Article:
In recent years, a booming real estate market has led to a corresponding increase in demand for new construction projects. Commercial and residential property owners, contractors, condominium and homeowners’ associations, property management companies, brokers, developers, and others operating in the real estate and construction sector are likely to face more disputes. While some of these disputes can be resolved without resorting to litigation, the time-sensitive nature of real estate development, construction, and sales means litigation may end up being the only means of getting projects or transactions moving again.

There are a variety of causes for construction and real estate disputes. Problems with purchase and sale agreements, commission disputes, non-disclosure and fraud claims, insurance or contractor licensing, construction defects and warranty disputes, delay claims, mechanic’s lien, and premises liability claims can all lead to potential real estate and construction litigation. The details of some common causes of real estate and construction litigation are included below.

Construction & Real Estate Litigation: Construction Defects and Warranty Disputes

Construction projects often involve setbacks and changes in plans. Construction defect claims can arise when property owners claim they have not received the full value of the project due to errors made in the construction, design, or specifications of construction projects or when a contractor or subcontractor fails to build to the plans and specifications, leading to back charges or change order disputes. There may be a breach of an express warranty, in which the property owner received a warranty from the builder that explicitly guaranteed the quality of the property. This kind of warranty is usually written and provides terms for what must be performed and what level of quality must be achieved. In some areas (including California), there also may be a breach of an implied warranty. In California, there is a requirement that new construction is performed according to some basic standards in line with current regulations. In those cases, a proof of a defect stemming from improper construction, design, or preparation is enough to establish the builder or developer’s liability and breach of implied warranty.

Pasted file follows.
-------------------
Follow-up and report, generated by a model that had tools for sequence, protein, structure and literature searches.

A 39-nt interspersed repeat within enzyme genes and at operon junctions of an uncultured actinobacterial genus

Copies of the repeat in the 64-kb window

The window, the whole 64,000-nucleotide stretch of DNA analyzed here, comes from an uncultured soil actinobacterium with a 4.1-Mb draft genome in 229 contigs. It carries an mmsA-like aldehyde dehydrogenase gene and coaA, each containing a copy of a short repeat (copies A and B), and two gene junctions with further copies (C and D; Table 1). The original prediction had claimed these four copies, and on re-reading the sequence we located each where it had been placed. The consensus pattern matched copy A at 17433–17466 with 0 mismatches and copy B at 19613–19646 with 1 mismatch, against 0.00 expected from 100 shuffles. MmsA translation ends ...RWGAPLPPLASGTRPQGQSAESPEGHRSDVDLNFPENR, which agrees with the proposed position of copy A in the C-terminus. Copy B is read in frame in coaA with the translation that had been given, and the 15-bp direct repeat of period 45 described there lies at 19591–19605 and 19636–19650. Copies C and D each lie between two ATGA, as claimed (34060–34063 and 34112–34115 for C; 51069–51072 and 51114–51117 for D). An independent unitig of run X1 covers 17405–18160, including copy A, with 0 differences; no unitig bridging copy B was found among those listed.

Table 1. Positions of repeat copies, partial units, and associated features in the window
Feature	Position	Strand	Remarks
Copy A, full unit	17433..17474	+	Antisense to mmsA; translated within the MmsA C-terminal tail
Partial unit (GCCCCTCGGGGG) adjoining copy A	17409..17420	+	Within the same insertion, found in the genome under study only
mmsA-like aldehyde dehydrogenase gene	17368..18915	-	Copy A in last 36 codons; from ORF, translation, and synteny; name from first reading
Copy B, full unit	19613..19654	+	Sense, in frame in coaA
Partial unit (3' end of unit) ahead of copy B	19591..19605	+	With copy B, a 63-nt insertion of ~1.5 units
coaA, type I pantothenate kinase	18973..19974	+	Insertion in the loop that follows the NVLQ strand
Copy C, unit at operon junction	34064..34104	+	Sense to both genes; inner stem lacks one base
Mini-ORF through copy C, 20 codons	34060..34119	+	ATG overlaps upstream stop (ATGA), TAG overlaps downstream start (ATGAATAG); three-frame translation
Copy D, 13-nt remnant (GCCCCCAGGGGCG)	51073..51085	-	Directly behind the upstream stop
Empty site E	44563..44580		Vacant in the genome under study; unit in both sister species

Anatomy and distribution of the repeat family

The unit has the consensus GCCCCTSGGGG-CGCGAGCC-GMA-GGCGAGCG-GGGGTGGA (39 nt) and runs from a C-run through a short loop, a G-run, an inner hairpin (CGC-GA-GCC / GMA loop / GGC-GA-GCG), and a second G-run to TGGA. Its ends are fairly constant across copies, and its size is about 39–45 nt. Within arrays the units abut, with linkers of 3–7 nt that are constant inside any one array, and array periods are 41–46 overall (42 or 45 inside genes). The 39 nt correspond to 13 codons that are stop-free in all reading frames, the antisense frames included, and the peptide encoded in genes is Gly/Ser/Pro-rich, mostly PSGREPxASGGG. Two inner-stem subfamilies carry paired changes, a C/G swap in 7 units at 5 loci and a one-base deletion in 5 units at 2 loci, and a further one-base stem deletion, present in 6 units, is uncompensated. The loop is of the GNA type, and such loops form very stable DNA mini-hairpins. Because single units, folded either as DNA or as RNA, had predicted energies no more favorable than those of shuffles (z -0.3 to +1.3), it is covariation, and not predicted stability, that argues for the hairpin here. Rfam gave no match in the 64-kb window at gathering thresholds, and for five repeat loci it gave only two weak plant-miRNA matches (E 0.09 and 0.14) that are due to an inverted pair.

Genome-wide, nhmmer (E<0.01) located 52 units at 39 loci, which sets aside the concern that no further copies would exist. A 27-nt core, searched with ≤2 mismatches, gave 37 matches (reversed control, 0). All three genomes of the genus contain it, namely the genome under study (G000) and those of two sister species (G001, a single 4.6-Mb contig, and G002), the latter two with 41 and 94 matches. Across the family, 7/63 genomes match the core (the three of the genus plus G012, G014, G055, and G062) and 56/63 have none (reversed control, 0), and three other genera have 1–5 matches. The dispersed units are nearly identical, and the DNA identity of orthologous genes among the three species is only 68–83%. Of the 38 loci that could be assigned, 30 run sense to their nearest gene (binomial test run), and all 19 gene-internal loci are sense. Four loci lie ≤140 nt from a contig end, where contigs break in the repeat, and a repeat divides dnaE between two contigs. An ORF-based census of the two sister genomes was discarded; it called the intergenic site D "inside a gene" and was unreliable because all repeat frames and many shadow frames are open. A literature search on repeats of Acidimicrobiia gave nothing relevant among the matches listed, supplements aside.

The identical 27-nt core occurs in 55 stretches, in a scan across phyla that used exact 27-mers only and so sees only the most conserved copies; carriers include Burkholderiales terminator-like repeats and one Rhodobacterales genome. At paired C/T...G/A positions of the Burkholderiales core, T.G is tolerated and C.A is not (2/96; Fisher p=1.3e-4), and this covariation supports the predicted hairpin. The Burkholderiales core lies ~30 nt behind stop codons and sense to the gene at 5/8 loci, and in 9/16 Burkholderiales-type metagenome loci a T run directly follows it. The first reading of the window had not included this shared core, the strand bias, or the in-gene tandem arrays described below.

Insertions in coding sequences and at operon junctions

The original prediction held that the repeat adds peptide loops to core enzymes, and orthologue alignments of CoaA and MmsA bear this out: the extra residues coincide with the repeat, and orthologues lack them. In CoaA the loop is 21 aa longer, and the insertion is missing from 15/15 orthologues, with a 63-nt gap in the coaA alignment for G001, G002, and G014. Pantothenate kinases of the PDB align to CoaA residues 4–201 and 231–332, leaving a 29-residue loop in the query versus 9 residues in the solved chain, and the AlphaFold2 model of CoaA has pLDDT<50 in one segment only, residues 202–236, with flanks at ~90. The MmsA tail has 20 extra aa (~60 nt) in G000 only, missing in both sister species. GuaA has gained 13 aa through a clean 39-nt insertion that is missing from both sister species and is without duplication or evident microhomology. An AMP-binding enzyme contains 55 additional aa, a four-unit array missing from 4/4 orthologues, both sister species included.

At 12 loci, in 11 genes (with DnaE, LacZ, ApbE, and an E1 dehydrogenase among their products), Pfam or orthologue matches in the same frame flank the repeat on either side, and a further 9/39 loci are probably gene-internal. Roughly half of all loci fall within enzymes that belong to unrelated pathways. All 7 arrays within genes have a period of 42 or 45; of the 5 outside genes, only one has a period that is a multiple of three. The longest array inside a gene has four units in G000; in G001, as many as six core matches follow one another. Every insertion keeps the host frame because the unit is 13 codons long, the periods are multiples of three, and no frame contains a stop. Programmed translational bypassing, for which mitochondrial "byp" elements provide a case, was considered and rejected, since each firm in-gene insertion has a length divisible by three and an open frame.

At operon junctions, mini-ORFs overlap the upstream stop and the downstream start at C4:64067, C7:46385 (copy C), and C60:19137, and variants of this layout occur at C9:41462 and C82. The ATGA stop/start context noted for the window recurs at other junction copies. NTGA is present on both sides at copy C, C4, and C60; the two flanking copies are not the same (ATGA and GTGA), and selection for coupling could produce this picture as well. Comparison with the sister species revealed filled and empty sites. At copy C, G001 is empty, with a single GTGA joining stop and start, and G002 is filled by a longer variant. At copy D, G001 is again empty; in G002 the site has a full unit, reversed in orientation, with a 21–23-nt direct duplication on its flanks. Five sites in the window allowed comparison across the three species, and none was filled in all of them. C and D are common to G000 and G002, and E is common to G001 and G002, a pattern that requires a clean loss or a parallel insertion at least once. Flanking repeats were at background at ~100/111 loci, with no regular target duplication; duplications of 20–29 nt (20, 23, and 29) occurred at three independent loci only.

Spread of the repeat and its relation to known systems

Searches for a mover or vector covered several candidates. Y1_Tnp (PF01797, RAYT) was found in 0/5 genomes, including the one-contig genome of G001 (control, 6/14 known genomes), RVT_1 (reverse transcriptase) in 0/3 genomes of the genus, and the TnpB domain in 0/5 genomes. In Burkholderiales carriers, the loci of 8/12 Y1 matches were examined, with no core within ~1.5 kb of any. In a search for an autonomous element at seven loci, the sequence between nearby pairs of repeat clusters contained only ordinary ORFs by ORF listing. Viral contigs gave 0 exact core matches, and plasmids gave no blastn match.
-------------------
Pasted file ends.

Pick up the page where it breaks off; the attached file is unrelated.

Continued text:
Construction & Real Estate Litigation: Delay Claims

Delays in construction lead to disputes. A delay claim may be made when a construction project extends for a longer period than was allowed for in the original contract. It also may be made when some portion of construction work has not been performed because of unforeseen circumstances. These delays might include differing site conditions, design changes, weather problems, labor shortages, materials shortage, defective plans, and interference by one of the parties. These kinds of delays make it necessary for the contractor to extend the schedule to complete the work. They also may cause the contractor to run up more costs to perform the work (e.g., office overhead, the costs of maintaining workers who are not working, etc.).

Contractors sometimes can receive an extension of time to complete a project under the original contract. However, their delay must meet certain requirements to be considered critical, excusable, and compensable. The construction agreement usually contains language describing when the delay claims apply and what kind of notification must occur in the event of a delay. A delay is considered critical if it will affect the project completion date (or another important milestone on a project). There’s no way to make up the time for critical delays—they tend to cause extra time to be added to a project. A delay is considered excusable if it is outside of the contractor’s control, which usually means the delay comes as the result of something outside the control of the contractor (e.g., design errors and omissions, change orders made by the owner, unanticipated weather, and forces majeures). A delay is compensable if the party affected by the delay should be given an extension of time or compensation for the delay of his or her work. All excusable delays are also compensable.

Construction & Real Estate Litigation: Mechanic’s Liens and Payment Disputes